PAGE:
5.2. Stakeholder engagement for regulation

Engaging with stakeholders is key for gathering information and feedback on policy problems, identifying solutions, and developing robust policies to improve their livelihoods. Policy makers should facilitate a range of means of engagement to accommodate diverse stakeholders, as this can both provide better information about the design of regulatory proposals and increase trust and buy-in for regulations. However, trust and buy-in only comes when stakeholders have a feeling of ownership, which happens if comments received in consultations are actually taken into account in the development of final regulations (OECD, 2021).

Latin American and Caribbean (LAC) countries have diversified the way they conduct public consultations in recent years. Countries are making more use of online means of engaging with stakeholders, combined with established non-virtual forms of consultation, such as physical meetings. By 2022, stakeholders in all 11 surveyed LAC countries were able to participate in at least some public consultations on subordinate regulations through websites or by email (up from 9 in 2019), and in 6 of 11 countries (55%) they could participate through virtual meetings (up from 3 in 2019). Likewise, all surveyed LAC countries continue to have physical public meetings for at least some of their regulatory proposals, and 10 out of 11 countries (91%) make consultation documents broadly available for comments to selected stakeholders. Nine of the surveyed LAC countries (82%) consult formally and informally with selected groups, such as labour unions, companies and academia (Figure ‎5.3).

The effectiveness of engaging with stakeholders depends largely on whether their inputs are made available and how they are used by policy makers. Seven of the 11 countries surveyed publish individual comments received during public consultations online, making opinions on regulatory proposals visible. However, only 4 of the 11 countries (36%) currently require policy makers to respond to comments in writing, and 6 (55%) require them to make any responses public. In addition, only in Brazil, the Dominican Republic, El Salvador, Mexico and Peru are policy makers required to consider consultation comments in the development of final regulations (Figure ‎5.4).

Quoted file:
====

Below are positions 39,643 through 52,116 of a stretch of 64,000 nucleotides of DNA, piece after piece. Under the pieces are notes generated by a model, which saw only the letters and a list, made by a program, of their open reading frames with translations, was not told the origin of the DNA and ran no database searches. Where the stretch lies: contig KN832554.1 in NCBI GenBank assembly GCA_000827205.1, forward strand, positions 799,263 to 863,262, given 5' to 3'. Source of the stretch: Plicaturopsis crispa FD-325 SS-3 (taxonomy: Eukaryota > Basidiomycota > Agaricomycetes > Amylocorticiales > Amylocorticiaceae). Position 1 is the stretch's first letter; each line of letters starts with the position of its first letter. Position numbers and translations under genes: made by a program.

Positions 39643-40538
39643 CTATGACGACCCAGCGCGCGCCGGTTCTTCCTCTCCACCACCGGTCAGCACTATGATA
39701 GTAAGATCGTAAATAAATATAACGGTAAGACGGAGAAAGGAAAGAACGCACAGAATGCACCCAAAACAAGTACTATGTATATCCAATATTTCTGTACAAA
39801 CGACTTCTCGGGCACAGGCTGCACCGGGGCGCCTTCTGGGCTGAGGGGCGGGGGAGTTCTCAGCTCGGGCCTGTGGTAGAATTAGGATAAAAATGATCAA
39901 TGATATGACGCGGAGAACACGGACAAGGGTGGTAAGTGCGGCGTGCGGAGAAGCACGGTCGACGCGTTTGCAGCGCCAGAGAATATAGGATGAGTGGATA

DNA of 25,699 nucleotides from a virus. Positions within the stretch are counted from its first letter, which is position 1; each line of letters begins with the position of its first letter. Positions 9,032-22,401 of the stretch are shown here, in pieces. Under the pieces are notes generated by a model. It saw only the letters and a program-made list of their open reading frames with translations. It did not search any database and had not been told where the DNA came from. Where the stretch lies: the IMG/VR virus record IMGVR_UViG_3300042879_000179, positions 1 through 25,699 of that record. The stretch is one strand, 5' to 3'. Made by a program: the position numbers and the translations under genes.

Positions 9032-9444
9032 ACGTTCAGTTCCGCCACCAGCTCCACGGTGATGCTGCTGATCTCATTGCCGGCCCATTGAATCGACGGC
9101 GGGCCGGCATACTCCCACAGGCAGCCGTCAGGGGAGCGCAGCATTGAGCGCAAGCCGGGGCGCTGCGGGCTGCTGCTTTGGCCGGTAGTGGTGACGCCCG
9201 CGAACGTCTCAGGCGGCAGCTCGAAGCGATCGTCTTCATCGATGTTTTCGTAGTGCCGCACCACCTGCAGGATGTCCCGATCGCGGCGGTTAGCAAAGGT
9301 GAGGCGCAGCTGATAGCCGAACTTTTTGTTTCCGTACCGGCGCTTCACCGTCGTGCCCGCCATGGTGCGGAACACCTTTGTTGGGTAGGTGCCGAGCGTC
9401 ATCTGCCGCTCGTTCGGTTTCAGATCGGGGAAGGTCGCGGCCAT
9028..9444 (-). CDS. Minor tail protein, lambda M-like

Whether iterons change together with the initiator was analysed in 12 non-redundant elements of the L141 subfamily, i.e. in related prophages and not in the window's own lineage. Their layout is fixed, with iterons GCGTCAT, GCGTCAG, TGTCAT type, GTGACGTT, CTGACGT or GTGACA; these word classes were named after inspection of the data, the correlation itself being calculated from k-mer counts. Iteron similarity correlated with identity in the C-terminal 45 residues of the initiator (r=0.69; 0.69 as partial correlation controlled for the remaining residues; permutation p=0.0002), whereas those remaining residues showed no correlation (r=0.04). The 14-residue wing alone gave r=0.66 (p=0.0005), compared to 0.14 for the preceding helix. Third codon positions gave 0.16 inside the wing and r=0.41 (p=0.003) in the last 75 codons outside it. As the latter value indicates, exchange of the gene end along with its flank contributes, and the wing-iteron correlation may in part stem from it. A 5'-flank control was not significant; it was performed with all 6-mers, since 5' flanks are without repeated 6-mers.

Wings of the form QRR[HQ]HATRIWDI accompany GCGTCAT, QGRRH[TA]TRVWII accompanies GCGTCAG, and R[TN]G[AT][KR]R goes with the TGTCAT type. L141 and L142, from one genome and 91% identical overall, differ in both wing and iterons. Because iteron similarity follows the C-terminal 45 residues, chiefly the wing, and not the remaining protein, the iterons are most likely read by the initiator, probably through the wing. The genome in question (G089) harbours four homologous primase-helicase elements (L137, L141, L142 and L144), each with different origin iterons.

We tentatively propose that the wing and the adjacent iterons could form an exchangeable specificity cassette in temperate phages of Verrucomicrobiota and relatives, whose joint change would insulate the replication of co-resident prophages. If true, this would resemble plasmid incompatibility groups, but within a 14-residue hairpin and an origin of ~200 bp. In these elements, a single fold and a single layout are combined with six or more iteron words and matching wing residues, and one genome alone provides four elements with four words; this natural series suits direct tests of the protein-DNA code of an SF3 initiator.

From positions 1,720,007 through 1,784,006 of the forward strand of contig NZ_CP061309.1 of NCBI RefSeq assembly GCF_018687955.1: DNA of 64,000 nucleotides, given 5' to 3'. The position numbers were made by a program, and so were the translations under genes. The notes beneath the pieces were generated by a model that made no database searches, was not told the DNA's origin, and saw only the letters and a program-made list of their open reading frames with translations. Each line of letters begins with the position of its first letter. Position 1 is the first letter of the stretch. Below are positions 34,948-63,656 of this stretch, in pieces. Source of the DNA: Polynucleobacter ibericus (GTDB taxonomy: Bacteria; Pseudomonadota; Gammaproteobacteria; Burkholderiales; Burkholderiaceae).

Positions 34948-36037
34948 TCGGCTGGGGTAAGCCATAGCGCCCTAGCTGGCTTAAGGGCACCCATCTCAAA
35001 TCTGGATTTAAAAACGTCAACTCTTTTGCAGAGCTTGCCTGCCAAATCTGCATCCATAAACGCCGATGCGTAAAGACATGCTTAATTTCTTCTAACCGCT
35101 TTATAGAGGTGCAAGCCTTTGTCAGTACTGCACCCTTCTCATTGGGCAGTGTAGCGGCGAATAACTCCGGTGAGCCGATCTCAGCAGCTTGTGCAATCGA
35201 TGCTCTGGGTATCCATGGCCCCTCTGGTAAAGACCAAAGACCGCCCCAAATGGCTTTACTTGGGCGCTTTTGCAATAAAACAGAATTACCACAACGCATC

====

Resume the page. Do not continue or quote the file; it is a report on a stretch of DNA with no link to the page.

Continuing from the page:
The OECD Indicator of Regulatory Policy and Governance (iREG) measures the quality of consultation and stakeholder engagement when developing subordinate regulations. Between 2019 and 2022, 8 out of 11 surveyed countries (73%) improved their iREG score on stakeholder engagement in this area, especially when it comes to its oversight. Brazil, the Dominican Republic and Peru are among the countries showing the greatest improvement, particularly in oversight, by creating new regulatory oversight bodies with mandates to ensure that public consultations are conducted appropriately. Ecuador has also improved its consultation processes by adopting guidelines on how to conduct consultations and diversifying how it engages with stakeholders (Figure ‎5.5). While most countries in the region have begun enhancing their engagement with stakeholders, there is still substantial room for improvement. Countries can benefit from improving in several areas, including transparency of consultations, considering comments for final regulatory proposals, and fully implementing legally established consultation tools.

iREG indicators for Latin America and the Caribbean draw on responses to the OECD-IDB iREG Surveys 2015-16, 2019 and 2022, and the OECD iREG Survey 2021. Responses were provided by government officials and reflect the situation as at 31 October 2022 for Argentina, Brazil, the Dominican Republic, Ecuador, El Salvador, Paraguay and Peru, and as at 1 January 2021 for Chile, Colombia, Costa Rica and Mexico. See Annex A for more information.

iREG is based on the 2012 OECD Recommendation on Regulatory Policy and Governance. It assesses the quality of stakeholder engagement using a composite indicator with four equally weighted categories: Methodology, Oversight and Quality Control, Systematic Adoption, and Transparency. The more practices a country has adopted, the higher its score. The maximum score for each category is 1; the total score ranges from 0 to 4.

The data cover regulations initiated by the executive at the national level, with a focus on subordinate regulations. Regulation refers to the diverse set of instruments by which governments establish requirements on enterprises and citizens. Subordinate regulations are created by the executive and are generally approved by the head of government, a minister or the cabinet.

Further reading

OECD (2021), OECD Regulatory Policy Outlook 2021, OECD Publishing, Paris, https://doi.org/10.1787/38b0fdb1-en.

OECD (2012), Recommendation of the Council on Regulatory Policy and Governance, OECD, Paris, www.oecd.org/gov/regulatory-policy/2012-recommendation.htm.

Figure ‎5.3, Figure ‎5.4 and Figure ‎5.5. Data for Chile, Colombia, Costa Rica, and Mexico are for 2021 instead of 2022.

Figure ‎5.5. Data for 2015 do not include Argentina, the Dominican Republic, El Salvador and Paraguay. Data for 2019 do not include Paraguay.

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